In response to an open letter written to major Canadian airlines on January 5, 2017, in which the Canadian Minister for Transport requested confirmation by February 15 that appropriate protocols regarding flight crews were in place, the top-eight Canadian airlines have all confirmed this to be the case.
The letter written by Marc Garneau, P.C., MP was as a result of an incident which occurred on the Saturday, 31st December, 7am low-cost carrier Sunwing’s flight which was due to fly from Calgary, Alberta, to Cancun, Mexico. Shortly before the plane was due to leave the terminal, the co-pilot discovered the 37-year-old pilot slumped in his seat in the cockpit. The pilot was removed from the plane and subsequent tests revealed he had a blood-alcohol level of 0,08, which is three times the legal limit. The Canadian pilot was subsequently charged with having care and control of an aircraft while being impaired.
In Canada it is a criminal offense for any flight crew to work within an eight-hour period of having consumed alcohol, or to work while under the influence of alcohol. This is part of Canadian Aviation Regulations (CARs) and while Transport Canada is responsible for enforcing them, the airlines are responsible for ensuring all their staff adhere to them.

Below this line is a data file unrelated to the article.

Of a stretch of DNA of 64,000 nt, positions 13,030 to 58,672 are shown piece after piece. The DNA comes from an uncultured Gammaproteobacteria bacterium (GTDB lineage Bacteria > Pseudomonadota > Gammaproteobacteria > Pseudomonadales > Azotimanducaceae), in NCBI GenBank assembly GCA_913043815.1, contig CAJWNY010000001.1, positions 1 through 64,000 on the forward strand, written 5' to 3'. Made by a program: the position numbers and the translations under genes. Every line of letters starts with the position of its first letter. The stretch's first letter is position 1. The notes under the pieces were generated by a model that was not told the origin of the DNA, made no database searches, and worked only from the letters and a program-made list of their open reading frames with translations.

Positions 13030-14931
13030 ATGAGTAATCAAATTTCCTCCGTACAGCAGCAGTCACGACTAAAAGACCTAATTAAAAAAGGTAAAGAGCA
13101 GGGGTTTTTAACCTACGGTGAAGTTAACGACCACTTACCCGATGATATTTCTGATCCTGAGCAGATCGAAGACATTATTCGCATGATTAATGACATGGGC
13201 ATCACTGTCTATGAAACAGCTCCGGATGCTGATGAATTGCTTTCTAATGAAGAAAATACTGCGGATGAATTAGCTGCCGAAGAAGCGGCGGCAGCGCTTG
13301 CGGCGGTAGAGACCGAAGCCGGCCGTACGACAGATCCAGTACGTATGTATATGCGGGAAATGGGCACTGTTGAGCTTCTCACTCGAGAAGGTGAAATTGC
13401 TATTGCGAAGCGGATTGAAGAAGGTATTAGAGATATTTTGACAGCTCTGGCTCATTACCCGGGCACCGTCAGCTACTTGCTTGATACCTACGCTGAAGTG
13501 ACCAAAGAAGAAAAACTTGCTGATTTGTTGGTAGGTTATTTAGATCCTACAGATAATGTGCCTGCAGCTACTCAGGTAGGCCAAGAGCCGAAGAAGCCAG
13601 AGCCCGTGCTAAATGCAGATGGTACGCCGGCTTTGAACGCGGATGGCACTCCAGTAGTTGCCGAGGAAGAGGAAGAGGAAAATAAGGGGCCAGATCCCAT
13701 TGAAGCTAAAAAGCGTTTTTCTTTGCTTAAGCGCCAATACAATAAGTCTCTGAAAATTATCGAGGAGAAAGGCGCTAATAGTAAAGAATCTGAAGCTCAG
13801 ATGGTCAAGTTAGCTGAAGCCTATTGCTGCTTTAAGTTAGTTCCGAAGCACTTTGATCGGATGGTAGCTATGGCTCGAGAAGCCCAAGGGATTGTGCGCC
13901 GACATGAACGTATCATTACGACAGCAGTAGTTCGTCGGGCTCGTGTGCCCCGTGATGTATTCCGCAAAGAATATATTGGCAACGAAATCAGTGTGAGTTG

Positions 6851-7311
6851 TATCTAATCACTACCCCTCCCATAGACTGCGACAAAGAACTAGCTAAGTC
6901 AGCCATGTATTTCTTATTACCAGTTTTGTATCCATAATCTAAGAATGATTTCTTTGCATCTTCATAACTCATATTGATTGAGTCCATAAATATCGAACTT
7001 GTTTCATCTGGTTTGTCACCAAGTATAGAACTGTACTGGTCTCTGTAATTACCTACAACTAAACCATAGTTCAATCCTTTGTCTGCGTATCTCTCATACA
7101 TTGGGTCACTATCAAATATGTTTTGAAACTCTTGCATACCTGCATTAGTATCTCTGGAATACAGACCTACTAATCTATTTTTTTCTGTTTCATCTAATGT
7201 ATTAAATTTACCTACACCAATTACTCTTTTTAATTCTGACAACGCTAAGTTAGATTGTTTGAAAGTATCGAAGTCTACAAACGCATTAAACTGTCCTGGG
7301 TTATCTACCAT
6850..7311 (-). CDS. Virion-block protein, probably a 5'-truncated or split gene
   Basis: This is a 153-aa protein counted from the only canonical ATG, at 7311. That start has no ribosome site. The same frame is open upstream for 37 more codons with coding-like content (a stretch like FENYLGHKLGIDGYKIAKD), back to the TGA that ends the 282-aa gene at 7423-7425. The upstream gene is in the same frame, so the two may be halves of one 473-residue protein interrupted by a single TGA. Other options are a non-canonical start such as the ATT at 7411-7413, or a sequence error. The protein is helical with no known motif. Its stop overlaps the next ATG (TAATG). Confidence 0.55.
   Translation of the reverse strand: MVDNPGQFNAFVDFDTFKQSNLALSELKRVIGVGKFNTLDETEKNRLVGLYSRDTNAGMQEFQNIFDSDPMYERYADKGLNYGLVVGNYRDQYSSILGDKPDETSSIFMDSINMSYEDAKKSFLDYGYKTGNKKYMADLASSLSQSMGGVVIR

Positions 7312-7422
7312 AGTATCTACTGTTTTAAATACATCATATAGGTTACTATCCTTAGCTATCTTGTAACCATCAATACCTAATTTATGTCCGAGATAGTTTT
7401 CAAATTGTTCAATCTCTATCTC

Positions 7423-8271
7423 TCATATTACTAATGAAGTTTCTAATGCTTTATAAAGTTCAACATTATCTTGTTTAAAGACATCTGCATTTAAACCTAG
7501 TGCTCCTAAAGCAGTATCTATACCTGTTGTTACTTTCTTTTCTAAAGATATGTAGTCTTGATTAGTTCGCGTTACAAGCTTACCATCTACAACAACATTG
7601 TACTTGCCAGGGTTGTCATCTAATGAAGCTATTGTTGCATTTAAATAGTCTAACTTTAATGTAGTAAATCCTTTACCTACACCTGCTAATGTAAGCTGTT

Major Canadian airlines are also expected to have a Safety Management System (SMS) in place to help them identify potential risks before they become major problems; this includes putting procedures in place to ensure that pilots are fit to fly.
Garneau also made it clear in his letter that a workshop will be held in spring by Transport Canada with the aim of bringing together companies, unions and medical experts to discuss further steps that can be taken to ensure aviation safety, including:
• Raise awareness on the importance of employee assistance programs;
• Provide information on practical methods of promoting a healthy workforce;
• Establish networks for information-sharing and partnerships;
• Provide health services information; and
• Discuss the topic of random alcohol and drug testing.
In December last year, two executives with an Indonesian budget airline resigned after unsettling footage was released showing an Indonesian pilot staggering through an airport metal detector en route to the cockpit of his plane.
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